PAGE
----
As Canada’s most modern science research ship, the OOSV, will be able to accommodate up to 34 crew and 26 scientists. The OOSV will be outfitted with specialized equipment that includes several advanced wet and dry labs, an ocean water sampling room, a scientific seawater system for studying oxygen levels, temperature and salinity, and a state-of-the-art drop keel and sensor suite for collecting and analyzing data on everything from water current velocities to underwater acoustics.

Quotes

“Today’s milestone means the Canadian Coast Guard and Fisheries and Oceans Canada scientists are looking forward to new state-of-the-art equipment to carry on their critical work for the benefit of all Canadians. The new OOSV will serve as the main platform for ocean science to help us understand and chart our seabed, protect our marine environment, and restore the health of our oceans. Congratulations to Seaspan’s Vancouver Shipyard workers as they reach this important milestone for this new ship.”

The Honourable Joyce Murray, Minister of Fisheries, Oceans and the Canadian Coast Guard

“Today’s ceremony demonstrates our government’s commitment to harnessing science and research to address climate change, natural disasters, and other issues that directly impact Canadians, while ensuring that Canada’s shipbuilding industry continues to provide great economic opportunities for Canadians.”

The Honourable François-Philippe Champagne, Minister of Innovation, Science and Industry

“Today’s keel-laying ceremony celebrates another key milestone in our commitment to providing the Canadian Coast Guard with modern vessels to do their important work. Keel-related traditions from the times of wooden ships are said to bring luck to the ship during construction. The construction of the Offshore Oceanographic Science Vessel demonstrates how the National Shipbuilding Strategy is delivering on its mandate to revitalize Canada’s shipbuilding industry.”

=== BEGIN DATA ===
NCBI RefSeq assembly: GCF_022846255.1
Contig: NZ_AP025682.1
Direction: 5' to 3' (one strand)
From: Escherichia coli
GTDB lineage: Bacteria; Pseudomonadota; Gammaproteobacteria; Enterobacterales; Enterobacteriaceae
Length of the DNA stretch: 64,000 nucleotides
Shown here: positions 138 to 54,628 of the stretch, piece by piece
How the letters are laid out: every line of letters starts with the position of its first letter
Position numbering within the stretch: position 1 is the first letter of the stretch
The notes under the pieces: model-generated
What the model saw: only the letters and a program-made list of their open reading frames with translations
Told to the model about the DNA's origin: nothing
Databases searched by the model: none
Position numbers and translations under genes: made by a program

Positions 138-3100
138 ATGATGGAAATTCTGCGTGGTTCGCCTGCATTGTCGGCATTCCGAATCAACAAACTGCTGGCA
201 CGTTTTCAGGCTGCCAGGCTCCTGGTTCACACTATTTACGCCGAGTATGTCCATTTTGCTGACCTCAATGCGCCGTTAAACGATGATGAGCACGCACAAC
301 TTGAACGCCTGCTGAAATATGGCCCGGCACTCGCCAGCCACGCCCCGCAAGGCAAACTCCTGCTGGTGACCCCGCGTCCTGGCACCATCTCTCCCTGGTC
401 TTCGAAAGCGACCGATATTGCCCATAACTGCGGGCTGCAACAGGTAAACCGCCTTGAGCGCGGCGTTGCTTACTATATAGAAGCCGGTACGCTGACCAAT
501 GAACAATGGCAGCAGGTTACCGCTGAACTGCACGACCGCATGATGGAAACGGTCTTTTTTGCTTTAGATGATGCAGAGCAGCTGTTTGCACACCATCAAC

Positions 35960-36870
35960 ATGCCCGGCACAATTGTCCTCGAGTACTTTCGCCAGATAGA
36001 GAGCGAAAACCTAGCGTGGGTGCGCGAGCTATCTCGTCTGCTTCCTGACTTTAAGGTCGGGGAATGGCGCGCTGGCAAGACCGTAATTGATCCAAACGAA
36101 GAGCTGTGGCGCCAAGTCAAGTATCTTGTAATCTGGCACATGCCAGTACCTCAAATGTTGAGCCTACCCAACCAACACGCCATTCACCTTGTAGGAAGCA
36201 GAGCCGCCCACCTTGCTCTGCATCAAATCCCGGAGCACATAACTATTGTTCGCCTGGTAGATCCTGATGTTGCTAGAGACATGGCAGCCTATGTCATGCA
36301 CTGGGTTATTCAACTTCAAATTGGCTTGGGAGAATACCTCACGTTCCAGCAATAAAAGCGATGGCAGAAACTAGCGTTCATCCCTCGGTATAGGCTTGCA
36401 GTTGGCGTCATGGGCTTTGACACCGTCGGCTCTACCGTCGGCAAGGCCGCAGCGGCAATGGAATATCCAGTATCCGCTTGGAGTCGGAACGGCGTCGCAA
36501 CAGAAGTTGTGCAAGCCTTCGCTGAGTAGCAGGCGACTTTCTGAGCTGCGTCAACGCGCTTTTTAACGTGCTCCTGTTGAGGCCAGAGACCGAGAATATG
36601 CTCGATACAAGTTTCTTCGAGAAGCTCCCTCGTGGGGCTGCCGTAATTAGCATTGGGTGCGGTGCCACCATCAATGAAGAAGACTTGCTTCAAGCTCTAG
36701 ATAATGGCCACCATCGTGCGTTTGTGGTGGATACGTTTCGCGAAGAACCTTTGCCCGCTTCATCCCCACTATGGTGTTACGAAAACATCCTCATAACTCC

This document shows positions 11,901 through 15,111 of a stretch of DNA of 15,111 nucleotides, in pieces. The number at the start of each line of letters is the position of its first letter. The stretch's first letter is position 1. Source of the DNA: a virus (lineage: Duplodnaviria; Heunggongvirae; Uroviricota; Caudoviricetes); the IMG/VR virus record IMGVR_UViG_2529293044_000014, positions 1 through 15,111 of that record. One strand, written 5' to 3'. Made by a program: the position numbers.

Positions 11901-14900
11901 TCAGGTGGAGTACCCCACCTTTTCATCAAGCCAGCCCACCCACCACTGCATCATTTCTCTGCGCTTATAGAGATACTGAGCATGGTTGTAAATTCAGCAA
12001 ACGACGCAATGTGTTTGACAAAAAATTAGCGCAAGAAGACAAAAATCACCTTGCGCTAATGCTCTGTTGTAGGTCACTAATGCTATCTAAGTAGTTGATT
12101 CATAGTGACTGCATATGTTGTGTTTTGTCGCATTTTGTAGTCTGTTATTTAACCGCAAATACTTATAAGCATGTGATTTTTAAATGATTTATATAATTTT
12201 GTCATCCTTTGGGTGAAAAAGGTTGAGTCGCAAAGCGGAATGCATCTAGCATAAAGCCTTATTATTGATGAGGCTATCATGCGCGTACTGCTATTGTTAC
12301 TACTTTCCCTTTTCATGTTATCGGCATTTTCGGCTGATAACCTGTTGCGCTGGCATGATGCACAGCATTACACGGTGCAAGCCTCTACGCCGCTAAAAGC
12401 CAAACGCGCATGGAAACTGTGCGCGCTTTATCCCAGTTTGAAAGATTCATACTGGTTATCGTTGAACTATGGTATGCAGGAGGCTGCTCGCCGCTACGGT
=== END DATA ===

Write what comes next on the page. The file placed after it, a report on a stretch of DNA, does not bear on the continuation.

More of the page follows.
The Honourable Helena Jaczek, Minister of Public Services and Procurement

"Through our partnership with the Government of Canada on the National Shipbuilding Strategy, Seaspan is proud to contribute to our country's sovereignty, economy and self-sufficiency. With the Offshore Oceanographic Science Vessel, we are progressing onto construction of the third fleet of NSS vessels Seaspan will build, and we are delivering on our commitment to rebuilding a strong marine industry in Canada. Today's construction milestone reflects the dedication and resiliency of all the talented and dedicated Seaspan employees and supply chain partners across Canada. I am incredibly proud of how we kept moving forward and continued to deliver throughout the global pandemic – adapting, innovating and applying the lessons of our culture of continuous improvement."